Are you in the mood to read all about the worldwide sex trafficking industry this morning? Probably not: the global sex trade is one of those horrible, overwhelming issues that's hard to get a grasp on, no matter how many heartbreaking documentaries you watch or longform pieces you read; it's easier to dissociate from suffering that has nothing to do with you. But the BBC's new, relatively bite-sized feature is like a CliffsNotes guide to understanding the complex problems within the industry, and it's necessary viewing/reading for everyone.
Sure, human trafficking might not affect you personally, and there are lots of crises that need our attention. But since the industry brings in $32 billion by trafficking 800,000 people across borders every year — which means large numbers of these women (and men) are more likely than not trapped in your city, even though you can't see them — we all need to understand exactly how the system operates, especially since many people contribute by unknowingly paying to sleep with sex slaves.
It's obvious that the BBC put a lot of tough, investigative work into "Trafficked: Sex slaves seduced and sold," but it's equally clear that the producers' goal was to make an impact on the average consumer, not on people who are already experts on the subject. The series is told in four segments — Traffickers' Town, Mexico City Hub, "Brothels on Wheels," and "John School" — and each piece has a brief video segment, a paragraph-long description, and four clarifying statistics. After twenty minutes or so, you feel like you understand how the global sex trade operates and what's being done — and isn't being done — to make things better.
The feature begins in Tenancingo, a small Mexican town where, according to the BBC, all 10,000 people are involved or at least have information about the sex trafficking trade — one local charity estimates that 1 out of every 10 people in the town is a trafficker. Women from traditional families that don't discuss sex with their daughters are wooed to Tenancingo by pimps who show them huge mansions while professing their love. Once they're raped, they're not only shocked but guilty, which makes it even harder for them to escape. "Don't trust a man. Don't let them lie to you. Don't believe all the pretty things they say," a former sex slave tells the BBC.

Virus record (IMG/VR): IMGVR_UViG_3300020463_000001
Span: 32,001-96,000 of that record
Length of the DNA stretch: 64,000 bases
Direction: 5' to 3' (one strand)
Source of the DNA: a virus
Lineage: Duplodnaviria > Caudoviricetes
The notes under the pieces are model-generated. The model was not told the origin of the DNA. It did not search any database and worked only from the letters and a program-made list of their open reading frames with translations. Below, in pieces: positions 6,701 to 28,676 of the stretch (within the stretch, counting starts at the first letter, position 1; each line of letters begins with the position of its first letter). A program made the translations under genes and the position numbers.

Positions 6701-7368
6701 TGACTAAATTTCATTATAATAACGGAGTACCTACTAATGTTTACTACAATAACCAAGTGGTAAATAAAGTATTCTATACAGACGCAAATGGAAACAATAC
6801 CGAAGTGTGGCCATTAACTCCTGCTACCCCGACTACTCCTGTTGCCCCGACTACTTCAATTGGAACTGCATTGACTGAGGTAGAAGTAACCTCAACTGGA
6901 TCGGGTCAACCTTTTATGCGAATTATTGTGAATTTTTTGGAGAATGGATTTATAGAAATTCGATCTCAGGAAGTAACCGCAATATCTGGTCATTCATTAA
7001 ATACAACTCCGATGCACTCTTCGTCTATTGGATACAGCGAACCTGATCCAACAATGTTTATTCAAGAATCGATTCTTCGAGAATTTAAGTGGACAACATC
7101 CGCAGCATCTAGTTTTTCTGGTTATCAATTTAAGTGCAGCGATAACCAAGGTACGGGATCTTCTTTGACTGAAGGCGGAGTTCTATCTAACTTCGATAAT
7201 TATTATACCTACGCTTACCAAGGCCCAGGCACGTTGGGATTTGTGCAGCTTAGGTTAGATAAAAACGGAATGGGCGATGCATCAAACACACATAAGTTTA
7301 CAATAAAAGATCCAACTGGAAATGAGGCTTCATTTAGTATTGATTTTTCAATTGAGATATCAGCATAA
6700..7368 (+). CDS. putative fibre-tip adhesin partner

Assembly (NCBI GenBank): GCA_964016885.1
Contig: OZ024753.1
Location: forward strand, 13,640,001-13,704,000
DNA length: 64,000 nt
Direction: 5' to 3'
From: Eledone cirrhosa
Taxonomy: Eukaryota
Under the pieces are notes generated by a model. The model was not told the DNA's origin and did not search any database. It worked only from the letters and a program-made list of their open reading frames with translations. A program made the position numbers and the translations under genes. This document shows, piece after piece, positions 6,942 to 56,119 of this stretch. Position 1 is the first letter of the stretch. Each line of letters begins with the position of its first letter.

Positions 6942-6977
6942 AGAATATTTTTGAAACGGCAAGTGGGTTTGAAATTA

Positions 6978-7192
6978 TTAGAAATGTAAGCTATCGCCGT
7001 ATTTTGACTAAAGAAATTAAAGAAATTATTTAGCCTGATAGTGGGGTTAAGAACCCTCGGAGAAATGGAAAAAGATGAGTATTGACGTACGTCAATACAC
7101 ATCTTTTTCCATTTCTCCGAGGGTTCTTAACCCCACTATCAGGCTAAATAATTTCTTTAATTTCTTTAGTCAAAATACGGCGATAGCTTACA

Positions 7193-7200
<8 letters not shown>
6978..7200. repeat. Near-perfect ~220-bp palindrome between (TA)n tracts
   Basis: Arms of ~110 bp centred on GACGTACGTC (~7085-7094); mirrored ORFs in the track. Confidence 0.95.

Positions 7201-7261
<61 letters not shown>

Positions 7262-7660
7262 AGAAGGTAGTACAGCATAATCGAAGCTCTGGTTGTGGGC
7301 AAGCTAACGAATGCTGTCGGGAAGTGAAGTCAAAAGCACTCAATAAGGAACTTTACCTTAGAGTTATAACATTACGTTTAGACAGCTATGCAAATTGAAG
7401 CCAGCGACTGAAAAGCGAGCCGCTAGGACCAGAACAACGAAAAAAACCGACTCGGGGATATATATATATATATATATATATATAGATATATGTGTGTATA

Next, Mexico City is in the spotlight, where we meet Maria, who was kidnapped into the sex trade at age 17 but now lives in a women's shelter and is training to be a football player. Although she's one of the "lucky" ones, she doesn't have faith in government officials, because she was sexually abused by one of the immigration officers that rescued her. Although there are 100,000 Latin Americans trafficked across borders per year, there were only 47 new prosecutions in Mexico City in 2010, and out of those, only 4 trafficking offenders were convicted.
Then, we follow the traffickers and their captives to Arthur Avenue in Queens, New York, where people can order "chica cards," which are often disguised as "free delivery" for flowers or chocolate but actually link customers with chauffeurs who deliver women to their doors. Sometimes, the chauffeurs arrange house parties, aka gang rapes, or set up mattresses in the backs of their vans to make things run even more smoothly. The average age of victims is 14-19, and they're expected to service 25-30 customers per 10 hour shift. Brothels make around $5,250 per woman per week.
The last section — "John School" — is actually somewhat uplifting. The Brooklyn DA runs a school for men who have been caught buying sex so they can learn about the women they're paying to sleep with, with the goal of reducing the demand for prostitution and convincing the men that ignorance is no excuse for contributing to the industry. "I was a throwaway to you," former sex trade worker yells at the men during one lecture. "You want to act like you're not part of the downfall of the community for your behavior." Some told the BBC that the class was "a revelation," like the one man who said, "I really didn't think it was such a big thing in the country, but now that I know at this point, the only thing I can do is spread the word and prevent anyone else from getting into trouble."
Will you feel awesome after reading and watching the BBC's investigation? Of course not; you'll still feel pretty shitty and helpless, since this is no Kony2012 campaign, designed to make the viewer feel great about him or herself just for watching, sharing, and buying a t-shirt. But education — whether that means "John School" or breaking up more complicated, depressing issues into informative, thoughtful, well-produced pieces — is the only guaranteed way to work towards an eventual solution.